After that, this session did become a little bit of a slog, with one low-threat random encounter after another just sort of delaying the party from their single-minded goal. There’s a happy medium somewhere between letting the procedures of the game take you on an unexpected ride versus cutting to the chase and letting the group arrive at their real task. The Caverns also calls for a 1-in-6 random encounter roll every turn, double what the B/X rules call for.

I just did an accounting, and realized this post represents the tenth session of the Thracia campaign, in as many months. For a while I was dividing each actual session into two Thursdays in Thracia posts, but it hasn’t always worked out that way. The original intention was to play every two weeks, but life has often gotten in the way. The good news is that we seem to be playing more regularly again now, and the adventurers are exploring ever more of the twisting complex.

Lastly, in a fit of blasphemy, I decided to convert combat into using ascending armor class from now on. I’ve heard people have been murdered over this kind of minutiae, but the math is identical and I’ve found that using the charts seems to slow things down for most of my players, myself included. So now everyone’s armor class is 20-Descending AC, and instead of an attack chart they get an attack bonus of 20 – THAC0 (the roll required to hit descending AC 0).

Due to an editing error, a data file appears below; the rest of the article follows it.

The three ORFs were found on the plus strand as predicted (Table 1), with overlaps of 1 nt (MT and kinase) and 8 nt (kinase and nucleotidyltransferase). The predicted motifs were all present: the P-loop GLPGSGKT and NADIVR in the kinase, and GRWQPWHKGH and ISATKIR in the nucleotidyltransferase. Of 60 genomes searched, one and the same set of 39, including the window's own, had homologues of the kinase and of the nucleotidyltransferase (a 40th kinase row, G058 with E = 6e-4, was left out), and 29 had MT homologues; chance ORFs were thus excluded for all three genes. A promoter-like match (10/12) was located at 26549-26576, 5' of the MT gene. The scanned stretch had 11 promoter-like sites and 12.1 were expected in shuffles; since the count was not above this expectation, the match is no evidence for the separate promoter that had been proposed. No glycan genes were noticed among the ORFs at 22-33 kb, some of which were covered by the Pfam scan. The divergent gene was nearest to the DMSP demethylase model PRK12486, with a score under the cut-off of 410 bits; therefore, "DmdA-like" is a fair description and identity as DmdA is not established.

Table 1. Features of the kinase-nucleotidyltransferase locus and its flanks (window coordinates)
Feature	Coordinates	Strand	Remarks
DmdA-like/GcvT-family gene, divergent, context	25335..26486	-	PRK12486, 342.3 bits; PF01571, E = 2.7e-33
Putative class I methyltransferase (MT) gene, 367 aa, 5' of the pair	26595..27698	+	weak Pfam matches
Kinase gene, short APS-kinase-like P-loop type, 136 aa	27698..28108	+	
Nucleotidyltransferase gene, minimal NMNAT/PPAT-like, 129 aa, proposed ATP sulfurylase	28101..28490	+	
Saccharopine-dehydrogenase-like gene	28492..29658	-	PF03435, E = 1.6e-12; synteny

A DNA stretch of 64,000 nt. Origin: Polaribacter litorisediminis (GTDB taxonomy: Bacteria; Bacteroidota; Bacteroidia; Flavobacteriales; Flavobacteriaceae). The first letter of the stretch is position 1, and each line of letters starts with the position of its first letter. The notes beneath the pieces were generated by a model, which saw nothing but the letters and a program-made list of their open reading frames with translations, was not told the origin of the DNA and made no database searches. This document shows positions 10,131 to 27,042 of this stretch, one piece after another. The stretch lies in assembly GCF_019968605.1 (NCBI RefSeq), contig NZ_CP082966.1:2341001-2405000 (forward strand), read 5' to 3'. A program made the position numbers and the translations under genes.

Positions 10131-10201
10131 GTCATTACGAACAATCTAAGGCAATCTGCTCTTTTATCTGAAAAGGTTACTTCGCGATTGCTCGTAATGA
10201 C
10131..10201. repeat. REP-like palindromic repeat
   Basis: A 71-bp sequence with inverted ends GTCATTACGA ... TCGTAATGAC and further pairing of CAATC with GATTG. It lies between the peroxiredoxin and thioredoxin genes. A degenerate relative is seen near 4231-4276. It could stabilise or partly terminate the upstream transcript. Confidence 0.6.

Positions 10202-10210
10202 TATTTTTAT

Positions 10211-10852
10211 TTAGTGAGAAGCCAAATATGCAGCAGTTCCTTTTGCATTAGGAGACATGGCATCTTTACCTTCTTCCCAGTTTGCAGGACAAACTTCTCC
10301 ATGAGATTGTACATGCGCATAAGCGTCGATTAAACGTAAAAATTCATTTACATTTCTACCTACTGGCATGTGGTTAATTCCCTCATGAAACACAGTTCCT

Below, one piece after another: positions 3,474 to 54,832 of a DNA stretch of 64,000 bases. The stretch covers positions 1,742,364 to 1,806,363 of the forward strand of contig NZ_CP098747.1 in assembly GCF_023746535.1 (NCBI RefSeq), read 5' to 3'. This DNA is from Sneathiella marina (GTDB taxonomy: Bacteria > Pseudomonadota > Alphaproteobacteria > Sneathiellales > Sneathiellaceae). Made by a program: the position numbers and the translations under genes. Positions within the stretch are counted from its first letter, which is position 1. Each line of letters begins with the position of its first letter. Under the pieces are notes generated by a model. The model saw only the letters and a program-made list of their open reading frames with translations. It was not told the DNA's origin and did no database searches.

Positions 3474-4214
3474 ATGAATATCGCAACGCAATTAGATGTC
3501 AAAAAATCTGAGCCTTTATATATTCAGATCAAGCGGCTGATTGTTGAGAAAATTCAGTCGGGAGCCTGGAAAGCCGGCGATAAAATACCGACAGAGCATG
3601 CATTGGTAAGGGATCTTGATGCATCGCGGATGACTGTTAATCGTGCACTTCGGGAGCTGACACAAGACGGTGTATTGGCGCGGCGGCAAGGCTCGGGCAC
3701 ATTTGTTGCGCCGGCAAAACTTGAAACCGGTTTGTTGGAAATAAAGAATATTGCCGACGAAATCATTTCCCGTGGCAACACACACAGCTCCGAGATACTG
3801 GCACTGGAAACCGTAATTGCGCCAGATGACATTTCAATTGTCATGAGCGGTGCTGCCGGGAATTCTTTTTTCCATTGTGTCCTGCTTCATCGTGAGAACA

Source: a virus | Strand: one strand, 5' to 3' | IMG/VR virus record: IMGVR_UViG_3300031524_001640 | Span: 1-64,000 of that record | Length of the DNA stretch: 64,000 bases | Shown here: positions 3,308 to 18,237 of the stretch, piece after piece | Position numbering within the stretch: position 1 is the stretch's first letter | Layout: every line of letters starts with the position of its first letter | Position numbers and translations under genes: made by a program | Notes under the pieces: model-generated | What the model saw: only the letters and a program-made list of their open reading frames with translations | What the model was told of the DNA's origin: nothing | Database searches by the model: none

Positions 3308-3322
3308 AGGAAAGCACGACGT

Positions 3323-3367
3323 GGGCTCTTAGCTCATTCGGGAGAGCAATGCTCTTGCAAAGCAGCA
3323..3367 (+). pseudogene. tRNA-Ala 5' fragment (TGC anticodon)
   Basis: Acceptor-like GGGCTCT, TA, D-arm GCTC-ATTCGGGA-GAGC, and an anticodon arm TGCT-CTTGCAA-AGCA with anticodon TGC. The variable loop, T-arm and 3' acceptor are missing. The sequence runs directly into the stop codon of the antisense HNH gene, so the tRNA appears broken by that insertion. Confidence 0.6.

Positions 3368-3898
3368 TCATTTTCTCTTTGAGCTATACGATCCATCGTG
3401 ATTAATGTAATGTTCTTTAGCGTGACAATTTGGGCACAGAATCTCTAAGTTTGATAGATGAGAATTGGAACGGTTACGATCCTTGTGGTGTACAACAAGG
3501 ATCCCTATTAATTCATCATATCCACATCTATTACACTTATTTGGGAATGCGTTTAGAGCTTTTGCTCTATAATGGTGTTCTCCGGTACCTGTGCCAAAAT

If you want to follow along at home, you can get both The Caverns of Thracia and B/X Essentials at DriveThru RPG. If you want to know when I post something new, put your email address in the sidebar.

5 Replies to “Thursdays in Thracia – Part 17”

    1. I like using a +1 at level 1 so that hirelings are just at +0 instead of at -1. Also it makes it so that monster HD and attack bonuses line up nicely. I also just think subtracting from 20 is ever so slightly more intuitive than subtracting from 19. And the die has 20 sides, etc. Like it’s a good number to derive everything from.